The taxpayer, Graybar Electric Company, Inc., received over $400 million of dividends in 2007 and 2008, claiming a DRD in that amount for federal income tax purposes. Graybar’s North Carolina returns for 2007 and 2008 reflected federal taxable income after application of the DRD. Graybar had substantial NELs available to be carried forward from years dating back to 2001. Graybar used those NELs to reduce its North Carolina taxable income remaining after state modifications in 2007 and subsequent taxable years.
For the years at issue in the case, North Carolina’s NEL regime differed from the federal NOL regime. Specifically, under North Carolina’s NEL regime, an NEL carryforward was required to be offset by any “income not taxable” before it could be deducted from taxable income.3
“Income not taxable” was defined as any income item deductible as an adjustment to federal taxable income under North Carolina statute and any nonapportionable income not allocable to North Carolina.4 The North Carolina Supreme Court in Dayco Corp. v. Clayton5 previously determined that dividend income allocable to states other than North Carolina constitutes “income not taxable,” finding the determinative issue for purposes of “income not taxable” to be whether North Carolina actually levies a tax on the item of income.6 The North Carolina Supreme Court did not consider dividends deducted at the federal level in Dayco.
In Graybar, the North Carolina Department of Revenue (the “Department”) determined on audit that the dividends deducted at the federal level constituted “income not taxable,” and Graybar’s NELs should have been reduced by the amount of North Carolina-apportioned dividends received each year. After the Department reduced Graybar’s NEL carryforward, Graybar no longer had sufficient NELs available to offset its taxable income in 2008, 2012, and 2013, so the Department assessed additional tax for those years.
On appeal, the Office of Administrative Hearings (“OAH”) ruled in favor of Graybar, concluding that the dividends were “taxable as a matter of law” and therefore were not “income not taxable” that reduced Graybar’s NEL. The Department appealed to the Business Court.
The Business Court reversed the OAH decision. Relying heavily on the Dayco precedent, the Business Court disagreed with the OAH’s interpretation. The court found it determinative that North Carolina had not actually levied a tax on the dividends. Thus, the court determined that “income not taxable” under the statute means any item of income that is not subject to North Carolina tax, regardless of whether it is deducted at the federal level or the state level.7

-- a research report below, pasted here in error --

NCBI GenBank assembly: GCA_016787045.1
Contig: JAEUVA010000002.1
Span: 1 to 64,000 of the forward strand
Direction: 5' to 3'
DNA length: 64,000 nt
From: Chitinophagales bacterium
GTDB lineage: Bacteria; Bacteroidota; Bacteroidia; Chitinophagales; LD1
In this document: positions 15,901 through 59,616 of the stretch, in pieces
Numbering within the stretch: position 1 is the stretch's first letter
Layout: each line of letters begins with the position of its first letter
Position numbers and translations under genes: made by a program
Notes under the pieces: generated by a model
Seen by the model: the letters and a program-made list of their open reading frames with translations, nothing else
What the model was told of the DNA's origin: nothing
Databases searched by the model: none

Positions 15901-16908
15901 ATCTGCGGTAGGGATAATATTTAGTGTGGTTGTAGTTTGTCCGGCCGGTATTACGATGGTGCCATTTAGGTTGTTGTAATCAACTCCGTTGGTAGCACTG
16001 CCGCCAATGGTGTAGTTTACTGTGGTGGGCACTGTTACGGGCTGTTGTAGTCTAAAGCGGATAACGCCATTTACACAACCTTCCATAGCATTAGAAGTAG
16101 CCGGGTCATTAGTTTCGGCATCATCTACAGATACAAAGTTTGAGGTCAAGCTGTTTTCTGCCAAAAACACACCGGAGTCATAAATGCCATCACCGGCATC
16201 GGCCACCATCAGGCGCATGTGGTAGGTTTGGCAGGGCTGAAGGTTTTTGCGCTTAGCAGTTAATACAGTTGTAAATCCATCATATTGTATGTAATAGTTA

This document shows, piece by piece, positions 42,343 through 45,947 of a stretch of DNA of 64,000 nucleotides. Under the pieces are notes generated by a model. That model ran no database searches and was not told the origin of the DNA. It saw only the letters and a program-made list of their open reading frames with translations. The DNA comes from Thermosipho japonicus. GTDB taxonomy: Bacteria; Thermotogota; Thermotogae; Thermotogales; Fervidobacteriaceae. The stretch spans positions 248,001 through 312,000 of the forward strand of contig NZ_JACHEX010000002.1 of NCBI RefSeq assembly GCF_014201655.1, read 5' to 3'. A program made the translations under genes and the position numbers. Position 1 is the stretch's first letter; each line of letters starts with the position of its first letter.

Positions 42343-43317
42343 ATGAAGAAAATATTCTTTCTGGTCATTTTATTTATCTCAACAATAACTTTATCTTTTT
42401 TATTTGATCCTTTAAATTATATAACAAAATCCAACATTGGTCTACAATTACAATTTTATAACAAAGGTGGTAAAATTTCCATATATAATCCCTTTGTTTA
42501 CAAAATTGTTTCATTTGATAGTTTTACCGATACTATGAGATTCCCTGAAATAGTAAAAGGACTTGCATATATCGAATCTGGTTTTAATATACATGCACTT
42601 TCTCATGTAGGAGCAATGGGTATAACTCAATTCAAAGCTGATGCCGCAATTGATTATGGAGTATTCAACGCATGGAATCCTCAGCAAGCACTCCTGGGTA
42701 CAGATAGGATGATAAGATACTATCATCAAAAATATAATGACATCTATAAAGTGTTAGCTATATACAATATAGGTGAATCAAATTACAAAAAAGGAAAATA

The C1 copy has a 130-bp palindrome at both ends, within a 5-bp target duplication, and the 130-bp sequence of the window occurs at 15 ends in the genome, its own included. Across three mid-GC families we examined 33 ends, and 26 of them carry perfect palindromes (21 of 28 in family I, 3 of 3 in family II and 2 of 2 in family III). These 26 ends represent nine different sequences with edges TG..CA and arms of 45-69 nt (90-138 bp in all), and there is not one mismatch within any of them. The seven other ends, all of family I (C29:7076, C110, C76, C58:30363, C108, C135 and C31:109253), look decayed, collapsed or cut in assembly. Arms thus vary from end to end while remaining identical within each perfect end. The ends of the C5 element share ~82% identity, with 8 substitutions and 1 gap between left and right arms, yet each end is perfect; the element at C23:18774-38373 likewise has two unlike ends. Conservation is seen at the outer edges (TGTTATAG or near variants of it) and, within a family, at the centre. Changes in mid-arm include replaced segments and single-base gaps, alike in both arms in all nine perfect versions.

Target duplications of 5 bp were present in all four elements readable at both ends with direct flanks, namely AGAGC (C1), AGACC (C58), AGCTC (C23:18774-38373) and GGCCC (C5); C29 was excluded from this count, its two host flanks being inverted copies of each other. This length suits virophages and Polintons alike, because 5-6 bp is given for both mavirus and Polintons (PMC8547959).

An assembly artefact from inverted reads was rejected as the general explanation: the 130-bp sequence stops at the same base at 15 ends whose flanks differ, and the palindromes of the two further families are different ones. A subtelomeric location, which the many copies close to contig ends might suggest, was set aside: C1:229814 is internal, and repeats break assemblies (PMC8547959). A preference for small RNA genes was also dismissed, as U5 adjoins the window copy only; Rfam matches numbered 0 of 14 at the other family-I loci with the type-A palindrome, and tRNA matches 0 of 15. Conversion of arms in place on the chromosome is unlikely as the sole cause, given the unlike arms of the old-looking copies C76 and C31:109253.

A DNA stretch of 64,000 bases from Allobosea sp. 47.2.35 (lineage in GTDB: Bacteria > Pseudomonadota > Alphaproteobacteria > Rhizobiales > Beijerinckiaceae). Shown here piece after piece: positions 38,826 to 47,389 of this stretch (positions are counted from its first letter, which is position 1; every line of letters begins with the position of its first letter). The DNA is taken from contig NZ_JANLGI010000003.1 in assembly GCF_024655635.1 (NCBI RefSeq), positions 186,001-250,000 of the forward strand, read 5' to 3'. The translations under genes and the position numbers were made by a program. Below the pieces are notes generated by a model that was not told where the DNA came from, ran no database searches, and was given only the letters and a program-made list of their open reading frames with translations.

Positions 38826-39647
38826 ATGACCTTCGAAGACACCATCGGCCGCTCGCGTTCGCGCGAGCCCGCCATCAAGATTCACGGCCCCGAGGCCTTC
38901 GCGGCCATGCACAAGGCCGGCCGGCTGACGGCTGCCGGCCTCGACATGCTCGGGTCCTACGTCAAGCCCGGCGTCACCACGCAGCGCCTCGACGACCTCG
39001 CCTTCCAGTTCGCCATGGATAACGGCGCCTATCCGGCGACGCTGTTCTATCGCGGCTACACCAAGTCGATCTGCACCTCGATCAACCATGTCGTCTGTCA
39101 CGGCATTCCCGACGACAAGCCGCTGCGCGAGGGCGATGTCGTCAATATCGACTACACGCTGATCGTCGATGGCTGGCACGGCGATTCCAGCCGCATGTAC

On 7 February, Graybar appealed the Business Court’s decision directly to the North Carolina Supreme Court.8
Reed Smith takeaway
Although North Carolina replaced its NEL regime with a more traditional NOL regime for tax years beginning on or after January 1, 2015, Graybar reminds us that the Department – and taxpayers – can go back into closed years to correct the computation of NELs available for carryforward to subsequent years. Taxpayers should evaluate their treatment of dividends in tracking their NEL carryforward. Taxpayers that received dividends (even in otherwise closed tax years) and did not reduce their NEL carryforward per the Graybar interpretation could have a potential exposure. Alternatively, taxpayers that reduced their NELs on account of dividends received (or any other adjustments reducing the NEL) may have an opportunity to increase their NEL carryforward if Graybar prevails on appeal.
If you have questions about how the Graybar case could impact your company or would like details about Reed Smith’s upcoming North Carolina Tax Luncheon, please contact one of the authors or the Reed Smith State Tax attorney with whom you typically work.
Client Alert 2019-040
- N.C. Dep’t of Rev. v. Graybar Electric Co., Inc., 2019 NCBC 2 (Wake Cnty. Sup. Ct.).
- Gloria Thompson is a non-attorney consultant at Reed Smith and a former Senior Vice President and State and Local Tax Director at Wells Fargo and Wachovia.
- N.C. Gen. Stat. § 105-130.8 (repealed effective Jan. 1, 2015).
- Id. at (a)(6).
- Dayco Corp. v. Clayton, 153 S.E.2d 28 (N.C. 1967).
- See id. at 33
- We note that as to the taxpayer’s assertion that the Department’s position violated the United States and North Carolina Constitutions, the court stated that “nothing in either the United States Constitution or the North Carolina Constitution prevents the State from imposing double taxation, provided the tax is imposed without arbitrary distinctions.” See Graybar at 24. With such standard in mind, the court concluded that Graybar failed to show that the tax burden resulting from the Department’s assessment, despite the potential for double taxation, was the product of discriminatory or arbitrary taxation. Id.
- Graybar appealed directly to the Supreme Court of North Carolina pursuant to N.C. Gen. Stat. § 7A-27(a).